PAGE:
In the end, of course, the endless options become so overwhelming that you scroll back up to the “Continue Watching for Peter” section and click on “The Office.”

 

Life constantly presents choices for us to make–tons of them. Too many of them. And for each choice, there are a thousand options. More.

The endless options presented frequently leave us experiencing a strange phenomenon, termed “Overchoice” by the writer Alvin Toffler: We become overwhelmed. Maybe paralyzed. Certainly stressed. Disappointed or dissatisfied. What if we’re making the wrong choice? What are the risks in that other choice? What might happen if I pick that one? What might happen if I don’t?

 

Life hands us some pretty insignificant dilemmas: What should I wear today?

But life also hands us some pretty consequential dilemmas, too: Who should I date? What should I study?

And if you’re in business or in management, it seems like every day throws you a hundred of those consequential decisions, each with its own set up endless options: Who should lead this project? Which design to pick? Which candidates should be hired? How should this process be ordered? How should the surplus be used?

Trying to figure out which choice to make is a great idea. This blog post is not about how to do that.

This blog post is about when you’re ready to bang your head against the wall because there are too many “right” choices and too many “wrong” choices. When you’re at your wits’ end, because if you choose A, then B will happen, but if you choose B, then C will happen, and if you choose A and B, then OMG what if XYZ happens?! You can think of a hundred reasons for each option and a hundred reasons against each option, and you’ve already exhausted a hundred options.

Then what?

Well it’s a consequential matter, so you’d better figure out the best option. Right?

Wrong.

 

I think one of the most valuable lessons I’ve learned about decision making–particularly when it comes to management and business, but I think in other areas of life as well–is this:

Choosing the “right” option isn’t THAT important.

Ew, that sentence doesn’t feel right.

Sure, in some situations, you’ll have several options and after a little research be pretty confident about which option will lead to the best results. And when you can figure that out, great!

But really, in lots and lots of situations, you’ll have an endless number of options, and “getting it right” is absolutely hopeless. Or at least, so unlikely and so messy that it’s probably healthier in the long run to just go with a GOOD choice (instead of THE RIGHT choice) and then focus all your energy on executing that choice like a pro.

When you spend hours and hours, days and days, on one decision, you might find yourself no closer to figuring it out. No more confident. Worse, you might have finally settled on the exact right option only to have a sudden new thought knock your decision right off balance again. Back to the drawing board.

You can put so much unrealistic pressure on yourself, responsibility to somehow determine each potential outcome, to know each risk inside and out. You can lose sleep over whether you’re making the right or wrong choice, because you just can’t be quite sure.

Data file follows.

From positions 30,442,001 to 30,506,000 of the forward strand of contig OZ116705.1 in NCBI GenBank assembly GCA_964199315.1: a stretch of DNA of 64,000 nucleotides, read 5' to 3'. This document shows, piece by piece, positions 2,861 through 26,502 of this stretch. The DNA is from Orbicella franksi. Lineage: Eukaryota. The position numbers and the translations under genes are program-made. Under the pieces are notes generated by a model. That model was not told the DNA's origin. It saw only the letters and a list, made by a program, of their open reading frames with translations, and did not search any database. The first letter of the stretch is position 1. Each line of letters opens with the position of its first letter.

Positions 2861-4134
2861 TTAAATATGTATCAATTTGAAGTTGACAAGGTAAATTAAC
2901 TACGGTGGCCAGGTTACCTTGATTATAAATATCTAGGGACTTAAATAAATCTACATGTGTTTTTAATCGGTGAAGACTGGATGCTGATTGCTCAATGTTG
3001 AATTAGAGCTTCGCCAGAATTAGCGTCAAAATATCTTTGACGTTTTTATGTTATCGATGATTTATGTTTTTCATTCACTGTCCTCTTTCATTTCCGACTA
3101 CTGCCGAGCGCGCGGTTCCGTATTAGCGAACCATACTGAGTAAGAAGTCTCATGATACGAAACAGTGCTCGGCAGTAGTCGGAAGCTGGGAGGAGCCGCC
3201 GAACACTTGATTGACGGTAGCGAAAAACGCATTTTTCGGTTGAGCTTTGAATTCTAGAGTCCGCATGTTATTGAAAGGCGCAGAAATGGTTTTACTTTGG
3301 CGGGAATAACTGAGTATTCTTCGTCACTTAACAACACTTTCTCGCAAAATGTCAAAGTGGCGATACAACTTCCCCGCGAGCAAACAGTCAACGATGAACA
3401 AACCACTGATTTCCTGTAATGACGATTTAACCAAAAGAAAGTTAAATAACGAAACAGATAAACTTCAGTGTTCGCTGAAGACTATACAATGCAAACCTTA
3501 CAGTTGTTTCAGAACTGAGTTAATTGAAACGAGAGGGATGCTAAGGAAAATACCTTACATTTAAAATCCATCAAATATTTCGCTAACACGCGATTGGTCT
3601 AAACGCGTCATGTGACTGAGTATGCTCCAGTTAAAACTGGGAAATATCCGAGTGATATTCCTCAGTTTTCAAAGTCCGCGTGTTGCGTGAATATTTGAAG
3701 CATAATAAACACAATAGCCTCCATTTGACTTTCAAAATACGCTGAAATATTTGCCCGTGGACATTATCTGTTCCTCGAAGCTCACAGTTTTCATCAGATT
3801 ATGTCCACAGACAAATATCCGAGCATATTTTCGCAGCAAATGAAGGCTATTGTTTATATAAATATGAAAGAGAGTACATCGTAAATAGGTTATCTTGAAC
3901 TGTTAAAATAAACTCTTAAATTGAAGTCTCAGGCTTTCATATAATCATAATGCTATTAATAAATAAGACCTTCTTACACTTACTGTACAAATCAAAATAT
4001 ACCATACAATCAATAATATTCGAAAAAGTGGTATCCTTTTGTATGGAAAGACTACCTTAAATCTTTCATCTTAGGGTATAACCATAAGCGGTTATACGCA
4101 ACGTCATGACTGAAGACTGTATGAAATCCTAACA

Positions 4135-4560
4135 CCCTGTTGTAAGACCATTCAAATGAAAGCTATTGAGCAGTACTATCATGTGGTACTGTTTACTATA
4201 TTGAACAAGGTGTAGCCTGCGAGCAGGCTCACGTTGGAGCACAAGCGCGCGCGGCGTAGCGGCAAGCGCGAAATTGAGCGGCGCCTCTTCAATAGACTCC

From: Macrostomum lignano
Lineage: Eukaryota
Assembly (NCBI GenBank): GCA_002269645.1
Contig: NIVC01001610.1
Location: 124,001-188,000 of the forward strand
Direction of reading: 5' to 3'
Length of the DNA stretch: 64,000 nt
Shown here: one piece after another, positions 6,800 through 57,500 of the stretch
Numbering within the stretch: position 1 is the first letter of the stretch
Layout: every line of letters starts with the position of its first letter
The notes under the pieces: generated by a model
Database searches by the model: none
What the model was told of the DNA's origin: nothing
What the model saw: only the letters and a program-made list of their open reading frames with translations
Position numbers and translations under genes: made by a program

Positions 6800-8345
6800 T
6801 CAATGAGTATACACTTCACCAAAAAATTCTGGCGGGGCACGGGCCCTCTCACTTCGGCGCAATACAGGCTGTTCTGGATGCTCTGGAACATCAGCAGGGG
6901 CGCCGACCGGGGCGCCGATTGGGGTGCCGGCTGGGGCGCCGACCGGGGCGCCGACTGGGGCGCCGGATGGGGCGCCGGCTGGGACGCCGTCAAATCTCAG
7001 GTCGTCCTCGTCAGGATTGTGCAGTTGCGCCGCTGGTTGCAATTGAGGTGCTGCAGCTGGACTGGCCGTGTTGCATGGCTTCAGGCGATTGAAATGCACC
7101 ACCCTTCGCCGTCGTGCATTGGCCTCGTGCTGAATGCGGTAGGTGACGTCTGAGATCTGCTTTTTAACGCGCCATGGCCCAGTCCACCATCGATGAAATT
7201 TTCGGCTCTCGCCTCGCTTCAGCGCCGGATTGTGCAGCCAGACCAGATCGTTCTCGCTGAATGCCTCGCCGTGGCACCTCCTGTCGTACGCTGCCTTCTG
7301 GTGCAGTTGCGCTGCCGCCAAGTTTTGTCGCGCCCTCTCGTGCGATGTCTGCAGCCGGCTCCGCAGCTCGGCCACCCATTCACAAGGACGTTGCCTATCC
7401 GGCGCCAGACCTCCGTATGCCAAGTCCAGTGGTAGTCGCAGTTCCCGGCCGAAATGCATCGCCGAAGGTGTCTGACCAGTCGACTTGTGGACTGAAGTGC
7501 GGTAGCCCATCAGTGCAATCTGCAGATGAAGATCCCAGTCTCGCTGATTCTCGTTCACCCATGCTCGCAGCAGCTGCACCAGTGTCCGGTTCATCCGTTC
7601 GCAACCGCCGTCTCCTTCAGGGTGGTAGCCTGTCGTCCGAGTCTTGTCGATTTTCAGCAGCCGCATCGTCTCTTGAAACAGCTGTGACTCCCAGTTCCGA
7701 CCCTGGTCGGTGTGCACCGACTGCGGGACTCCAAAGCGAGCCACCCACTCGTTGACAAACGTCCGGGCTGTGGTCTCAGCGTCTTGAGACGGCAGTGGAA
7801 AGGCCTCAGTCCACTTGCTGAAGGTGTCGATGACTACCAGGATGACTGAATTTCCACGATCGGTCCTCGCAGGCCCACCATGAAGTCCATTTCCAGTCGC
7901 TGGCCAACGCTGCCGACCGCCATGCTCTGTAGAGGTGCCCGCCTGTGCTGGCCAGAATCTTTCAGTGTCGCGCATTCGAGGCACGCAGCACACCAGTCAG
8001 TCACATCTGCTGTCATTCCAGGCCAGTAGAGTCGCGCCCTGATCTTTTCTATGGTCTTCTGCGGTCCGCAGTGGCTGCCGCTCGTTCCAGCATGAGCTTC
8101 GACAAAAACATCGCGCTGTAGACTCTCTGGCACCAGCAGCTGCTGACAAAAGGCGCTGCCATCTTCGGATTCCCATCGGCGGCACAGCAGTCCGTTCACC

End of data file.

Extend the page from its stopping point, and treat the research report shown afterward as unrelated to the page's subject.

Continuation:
And goodness knows, no matter how right your choice, it will turn out to be wrong. Something bad WILL happen because of the option you picked, no matter what. If you pick A, you’ll realize that it cost you B. And if you pick B, you’ll realize that it cost you A.

So maybe there isn’t one “right” option. And even if there is, maybe you have no way of discovering it. Maybe it makes better sense to flip through fifty options, pick your ten favorites to analyze, and flip a coin over the two that “feel” the most right after a while.

 

Honestly, you’re not going to be successful–at business, at management, at life–because you somehow put your finger on the absolutely right choice. You’re going to be successful because you kicked butt when you executed on the choice that was made. You’re going to be successful because when an option was finally chosen, you embraced it, you didn’t look back, you made the best of its weaknesses, and you pushed full steam ahead to explore and capitalize on its strengths. You didn’t lose too much sleep. You didn’t drive yourself nuts. You’re not wallowing in guilt for what your decision might have cost. You’re not wasting loads of time and energy examining endless options. You’re not giving up completely and ignoring the decision to be made. You’re just leading and executing like a bad-ass.

 

So when you find yourself unsure of what to pick, afraid you’ll make the wrong choice, sometimes it’s all going to go better if you just go for it!

After all, no matter which option you pick, right before you commit, you’re definitely going to think, “Oh man, that wasn’t the right decision, was it?”

So stop aiming at perfection. Just aim at something great and then move past the deciding stage to the stage where actual Stuff happens.

 

I think I’ve noticed these two things about great leaders:

First, they know that the one option THEY select out of the endless options isn’t really the most important thing. They don’t get paralyzed wondering and second-guessing. They do a little analyzing and then make their best educated guess. Then they focus fully and powerfully on executing it.

Second, they often really don’t care which one option their FOLLOWERS select out of the endless options. They won’t hold your hand, they won’t give you the answer, they won’t tell you which decision they think you should make. They say, “I know you’ll make a good decision” and then they support you and have your back.

Because there will always be endless options and “getting it right” can be hopeless.

So “getting it right” must not always be the part that matters.

 

All that being said, I know there are some decisions so consequential that maybe all the soul-searching and analyzing are worth it. I just think we way overestimate how many of those decisions we see in a day. Or in a lifetime.

Good luck flipping coins!

 

And no, I haven’t really applied this lesson very well in my personal life. I still browse Netflix for an inordinate amount of time, and my show-picking hasn’t really improved. Although, maybe watching The Office for the 20th time really was the best choice all along.

Robert K Greenleaf - overchoice